From 1851 onwards, the information requested was more detailed; the birth-place, and the question about whether the resident was deaf, dumb, or blind was added in 1851; the 1861 form is largely the same, apart from columns which assist the enumerator. In 1871, the disability column gave the four curious choices given above, as if to be deaf was to be dumb. 1881's census adds a new question about the number of rooms inhabited, where these are fewer than five (in Scotland, this question had been asked since 1861). In 1891, in Wales (and in the disputed county of Monmouthshire), there was an additional question about whether the occupants spoke English, Welsh, or both: ten years earlier, the question about language had been tried in Scotland. The 1891 census also tried to distinguish between whether or not the respondents were employer or employed; there was an attempt to clarify this in 1901. Were you Employer, Worker or Own Account (that is, self-employed)? 1901 also helpfully added the phrase "feeble-minded" to the word "Lunatic"; and it enquired whether the people on the list were working at home or not.
The early, statistical censuses were destroyed after the information they contained had been charted and distilled into parliamentary reports. The decision to hold on to the 1841 information, with its long lists of names, must at the least have appealed to the spirit of the preservationist. After all, here was the first public record of the still largely disenfranchised multitude of people. They did not appear on electoral rolls. And even births, marriages and deaths had only been formally registered since late in 1837 (although it was not until 1875 that it became illegal not to register such an event). It was also effectively the first national database, and it may well have given some of the more imaginative members in the civil service ideas, just as it certainly engendered some suspicion in the population it was counting so diligently. Many people may have been nervous in particular about giving their birthplace, since the Poor Law rules required paupers to be housed in the "home" workhouse. But doubtless there were fears of even more sinister government action.
This is certainly what people in Newcastle thought as long ago as 1753, or at least it was what their MP, Matthew Ridley, thought when the first parliamentary proposal about censuses was made. This actually suggested an annual census. Mr. Ridley announced that his constituents thought the idea "ominous", and, the words slithering from his tongue in mounting grandiloquence, he added that they feared "an epidemical distemper should follow their numbering." His counterpart in York suggested that a census was a "most effectual engine of rapacity and repression." In the House Of Lords, one vociferous peer asked "To what end should our number be known, except that we are to be pressed into the fleet and the army? And what purpose will it answer to know where the kingdom is crowded and where it is thin, except we are to be driven from place to place as graziers do their cattle?" In 1753, at least, these arguments were enough to prevent the census taking place.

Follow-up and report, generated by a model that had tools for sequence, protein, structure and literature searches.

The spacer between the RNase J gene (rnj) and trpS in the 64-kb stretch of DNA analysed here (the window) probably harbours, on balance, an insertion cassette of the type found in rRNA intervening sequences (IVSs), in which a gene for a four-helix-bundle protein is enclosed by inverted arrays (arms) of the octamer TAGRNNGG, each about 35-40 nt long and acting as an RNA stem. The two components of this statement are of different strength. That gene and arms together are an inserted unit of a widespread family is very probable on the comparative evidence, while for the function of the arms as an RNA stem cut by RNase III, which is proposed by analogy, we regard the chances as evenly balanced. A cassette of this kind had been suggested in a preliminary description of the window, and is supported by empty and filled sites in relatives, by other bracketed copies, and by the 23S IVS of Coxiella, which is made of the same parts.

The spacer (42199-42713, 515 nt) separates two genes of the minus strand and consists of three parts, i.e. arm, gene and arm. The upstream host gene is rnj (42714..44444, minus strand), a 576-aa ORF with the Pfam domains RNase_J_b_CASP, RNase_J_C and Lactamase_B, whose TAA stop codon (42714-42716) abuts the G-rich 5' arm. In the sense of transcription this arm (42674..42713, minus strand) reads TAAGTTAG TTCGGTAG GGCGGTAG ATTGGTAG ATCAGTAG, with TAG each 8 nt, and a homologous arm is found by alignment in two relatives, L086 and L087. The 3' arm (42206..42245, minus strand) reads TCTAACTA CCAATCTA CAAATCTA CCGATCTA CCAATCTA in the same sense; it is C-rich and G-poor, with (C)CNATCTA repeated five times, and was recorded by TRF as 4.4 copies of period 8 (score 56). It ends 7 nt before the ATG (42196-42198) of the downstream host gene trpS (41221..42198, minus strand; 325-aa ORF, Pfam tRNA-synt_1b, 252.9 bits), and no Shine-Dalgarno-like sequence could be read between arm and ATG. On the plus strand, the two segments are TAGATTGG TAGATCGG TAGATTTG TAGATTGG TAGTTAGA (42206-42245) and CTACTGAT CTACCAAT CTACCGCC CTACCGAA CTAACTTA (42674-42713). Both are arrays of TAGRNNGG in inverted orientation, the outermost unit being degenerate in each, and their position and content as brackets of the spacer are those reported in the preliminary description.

Ridley may have been right, however, about the suspicious nature of the North-Easterners. The 1821 census showed a significant increase in Newcastle and Gateshead, far in excess in the growth in numbers registered in towns of similar size. The Times , reporting on this in its edition of June 12th 1821, and citing the Newcastle Chronicle, noted of the North-East, that
"there would appear to be a very considerable increase of inhabitants as compared with the census of 1811. Part of this increase is probably owing to the very opposite circumstances in which the two censuses were taken... the year 1811 was a time of war: when, beside other causes of inaccuracies, many people either misunderstood the measure, or from groundless alarms of taxation and military service, were not reconciled to being numbered. The public have now manifested in every instance the utmost readiness to afford the information required. It is singular enough that in all the low and most thickly-populated parts of Gateshead, not a single individual was confined to bed...."
Gateshead had grown from 8,782 people in 1811 to about 13,000 in 1821. And this, it should be remembered, was before any names were required by the enumerators.
The enumerators themselves had their suspicions. The Daily News of April 21, 1851, reported an angry meeting of Hackney enumerators in the wake of the 1851 census. At a crowded meeting at the Old Mermaid Tavern in Church Street, a Mr. Handy, unanimously voted chairman, declared
"his conviction that the mere purpose of ascertaining the extent of the population was not the only one contemplated by the government; some other and more important object, and one perhaps hereafter to affect the interests of the community, was no doubt their principal intention."
Hacked-off Mr. Handy of Hackney received cheers at this point, before the main business got under way - viz. "the miserable spirit of parsimony which prevailed in the census department." Here they were, said a Mr. Andrews, respectable enumerators, about to receive "a pittance... which would barely compensate a street labourer." He detailed his workload which had led him to the "excessively heavy" work of dealing with 1,180 names.